Wakabayashi Active in Labor Movement
Hope most of you are enjoying the three day weekend thanks to it being a national holiday, called Labor Day.
Labor Day was first celebrated on September 5, 1882, under the sponsorship of the Knights of Labor. The holiday is devoted to the recognition of working people’s contributions to society in both the US and Canada.
Here in Hawaii our roots in the Labor Day Holiday come primarily from one of our first labor unions, the ILWU, which struggled for many years to raise the standard of living for our plantation workers.
Many of our old time workers can vouch for the positive changes made over the years through the Labor Movement. One such person is Bettye Wakabayashi of Hilo who had spent a good part of life in the classroom.
“The first month of my teaching career my principal asked me if I was going to join the union. I said no, I don’t believe in unions, and her response to me was if the union gets a raise for the teachers, or better benefits, are you going to turn them all down and not accept them?,” Wakabayashi said.
Needless to say Wakabayashi joined the union and has become actively involved in union affairs ever since.
Today Wakabayashi is 80 years old and in great physical condition. As a former Physical Education teacher, Wakabayashi has led an extremely active life and became very conscious of the importance of a healthy diet and exercise for all ages.
As a girl Wakabayashi grew up playing many sports while riding her bike all over her home town of Sacramento, California until she graduated from high school. “I played softball, was a lifeguard, rabid snow and water skier, played basketball and badminton as well as many other activities,” she said.
“I was fortunate enough to grow up in a home where vegetables and fruits were abundant, and I grew up loving them.”
Being active as a young person and eating well led Wakabayashi to pursue a college degree in physical education while raising her own family. “My children were both in school, so I decided to go back to college to get my teacher’s degree,” she said.
Wakabayashi can also remember the early days of teaching when she was required to do much more than teach during the day. “I can remember the days when we ate lunch in the classroom, everyday, in order to supervise and teach manners to the children. I also cleaned the classroom, everyday, after the children had gone.”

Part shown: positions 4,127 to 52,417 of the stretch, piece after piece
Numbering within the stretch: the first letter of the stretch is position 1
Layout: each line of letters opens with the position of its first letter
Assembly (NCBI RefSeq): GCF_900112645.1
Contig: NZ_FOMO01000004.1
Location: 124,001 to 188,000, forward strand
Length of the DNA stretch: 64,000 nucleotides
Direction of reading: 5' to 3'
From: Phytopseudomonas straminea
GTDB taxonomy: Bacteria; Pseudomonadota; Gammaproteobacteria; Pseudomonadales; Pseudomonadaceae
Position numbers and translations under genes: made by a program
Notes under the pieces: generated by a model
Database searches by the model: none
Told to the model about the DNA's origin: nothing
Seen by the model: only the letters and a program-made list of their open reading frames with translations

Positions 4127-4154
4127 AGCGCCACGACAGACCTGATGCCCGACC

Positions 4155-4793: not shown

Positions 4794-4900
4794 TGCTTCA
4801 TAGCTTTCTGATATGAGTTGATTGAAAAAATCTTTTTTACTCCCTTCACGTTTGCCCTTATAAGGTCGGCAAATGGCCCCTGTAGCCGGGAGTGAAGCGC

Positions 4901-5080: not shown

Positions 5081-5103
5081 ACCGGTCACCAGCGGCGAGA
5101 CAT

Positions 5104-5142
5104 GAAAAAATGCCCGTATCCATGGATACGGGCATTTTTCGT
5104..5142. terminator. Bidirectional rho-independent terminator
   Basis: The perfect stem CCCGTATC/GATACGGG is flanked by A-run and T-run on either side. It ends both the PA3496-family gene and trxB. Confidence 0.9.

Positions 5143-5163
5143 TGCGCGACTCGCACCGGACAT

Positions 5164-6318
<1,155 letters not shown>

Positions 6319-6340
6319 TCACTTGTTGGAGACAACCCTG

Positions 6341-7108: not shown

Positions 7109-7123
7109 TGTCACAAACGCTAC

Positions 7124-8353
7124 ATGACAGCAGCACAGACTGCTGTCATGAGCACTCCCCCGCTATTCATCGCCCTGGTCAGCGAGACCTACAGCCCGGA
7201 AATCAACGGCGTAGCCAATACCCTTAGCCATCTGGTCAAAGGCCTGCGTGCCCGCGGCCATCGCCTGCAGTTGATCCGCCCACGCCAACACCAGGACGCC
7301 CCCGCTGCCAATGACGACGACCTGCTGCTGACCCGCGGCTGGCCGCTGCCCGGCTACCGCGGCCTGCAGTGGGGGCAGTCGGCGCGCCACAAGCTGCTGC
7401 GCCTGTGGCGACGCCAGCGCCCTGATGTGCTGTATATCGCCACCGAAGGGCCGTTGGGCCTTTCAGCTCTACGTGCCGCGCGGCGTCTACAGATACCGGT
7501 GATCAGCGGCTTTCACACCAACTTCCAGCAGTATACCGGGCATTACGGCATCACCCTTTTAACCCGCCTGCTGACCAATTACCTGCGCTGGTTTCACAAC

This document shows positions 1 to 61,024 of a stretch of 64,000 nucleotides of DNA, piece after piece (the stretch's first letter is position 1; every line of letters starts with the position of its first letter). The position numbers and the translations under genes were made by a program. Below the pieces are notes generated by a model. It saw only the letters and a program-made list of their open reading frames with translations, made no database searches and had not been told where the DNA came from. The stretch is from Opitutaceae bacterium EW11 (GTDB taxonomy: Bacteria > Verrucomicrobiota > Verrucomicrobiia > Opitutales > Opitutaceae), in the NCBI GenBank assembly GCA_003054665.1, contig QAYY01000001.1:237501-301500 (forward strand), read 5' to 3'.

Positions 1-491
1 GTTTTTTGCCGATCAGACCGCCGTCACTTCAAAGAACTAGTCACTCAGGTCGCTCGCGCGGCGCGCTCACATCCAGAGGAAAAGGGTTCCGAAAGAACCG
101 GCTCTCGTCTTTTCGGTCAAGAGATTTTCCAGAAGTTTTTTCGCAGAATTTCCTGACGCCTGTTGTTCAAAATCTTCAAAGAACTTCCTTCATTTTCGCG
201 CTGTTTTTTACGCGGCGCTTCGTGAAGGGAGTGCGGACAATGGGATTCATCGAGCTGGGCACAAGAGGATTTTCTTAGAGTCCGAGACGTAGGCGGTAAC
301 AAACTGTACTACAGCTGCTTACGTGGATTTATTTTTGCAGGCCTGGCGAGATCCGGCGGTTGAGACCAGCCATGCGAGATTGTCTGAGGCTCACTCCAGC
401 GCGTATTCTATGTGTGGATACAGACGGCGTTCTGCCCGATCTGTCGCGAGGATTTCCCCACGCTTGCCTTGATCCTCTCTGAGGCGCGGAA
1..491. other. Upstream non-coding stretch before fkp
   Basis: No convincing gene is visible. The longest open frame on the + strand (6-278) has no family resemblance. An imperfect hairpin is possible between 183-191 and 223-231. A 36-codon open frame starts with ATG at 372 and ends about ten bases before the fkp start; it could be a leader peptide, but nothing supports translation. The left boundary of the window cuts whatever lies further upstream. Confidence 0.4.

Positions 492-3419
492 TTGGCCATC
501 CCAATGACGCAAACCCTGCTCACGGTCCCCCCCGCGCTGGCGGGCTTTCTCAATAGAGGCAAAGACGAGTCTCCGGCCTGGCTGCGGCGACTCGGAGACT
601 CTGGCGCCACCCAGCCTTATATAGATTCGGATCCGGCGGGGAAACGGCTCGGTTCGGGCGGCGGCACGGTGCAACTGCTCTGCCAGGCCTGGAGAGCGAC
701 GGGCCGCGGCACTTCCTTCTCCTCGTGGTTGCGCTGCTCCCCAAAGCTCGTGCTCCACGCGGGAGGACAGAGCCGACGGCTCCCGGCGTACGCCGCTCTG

“In the early days of teaching there were few benefits and the pay scale was so low that it was difficult to raise a family,” she said.
Wakabayashi became active in the Hawaii State Teachers Association and participated in two strikes.
“We have made unbelievable improvements in everything that we have fought for over the years. There have been improvements in our health benefits, pay scales and classroom controls. We have fewer children in many of the classrooms and the list goes on and on,” she said.
Wakabayashi has served in every capacity of officer that a teacher could serve, and also served on the HSTA Executive Board since she arrived in Hawaii.
And there is no slowing down this octogenarian as she continues her active involvement in the community. Last year she went to Washington D.C. as the HSTA-Retired representative to the National Education Association Convention.
Wakabayashi is also active in the HSTA-R (retired) Hawaii Chapter, an active member in the Vireya Club (Tropical Rhododendrons) and remains active in the Hawaii Island Humane Society and the Blood Bank of Hawaii.
“There are so many interesting things to be done in an organization of people that you enjoy being with and when one doesn’t have a lot of money, helping out in causes you love gives you a chance to help that cause without spending anything, except your time and effort.”
Wakabayashi also believes that you need to remain active and vigilant in order to protect the rights and benefits that you now have. “Being a retired teacher I am aware of the power the State has to take away the benefits that we have been given and I will stay active until nothing we have earned, nor what the teachers of today are earning, is in jeopardy,” she said.
To stay in shape Wakabayashi, who lives in a two story house, walks up and down her steps at least a dozen times per day. “I will also park as far away from the store and under the shadiest tree,” she said.
Once per week she will attend a hydrotherapy maintenance session at the Hilo pool to take care of some of the aches and pains associated with aging. “I have Arthritis in my spine, knees, hips, shoulders, and hands and the water therapy runs me through a series of exercises in a pool, that are much gentler on my body,” she said.
I admire Betty Wakabayashi for her role in helping fellow teachers receive and protect the benefits they now have and also for her positive attitude towards living a healthy lifestyle.
At 80 years young Wakabayashi continues to give back to our community and is one of the many thousands of hard working people in Hawaii that deserve having a holiday set aside in their honor.
Happy Labor Day everyone!
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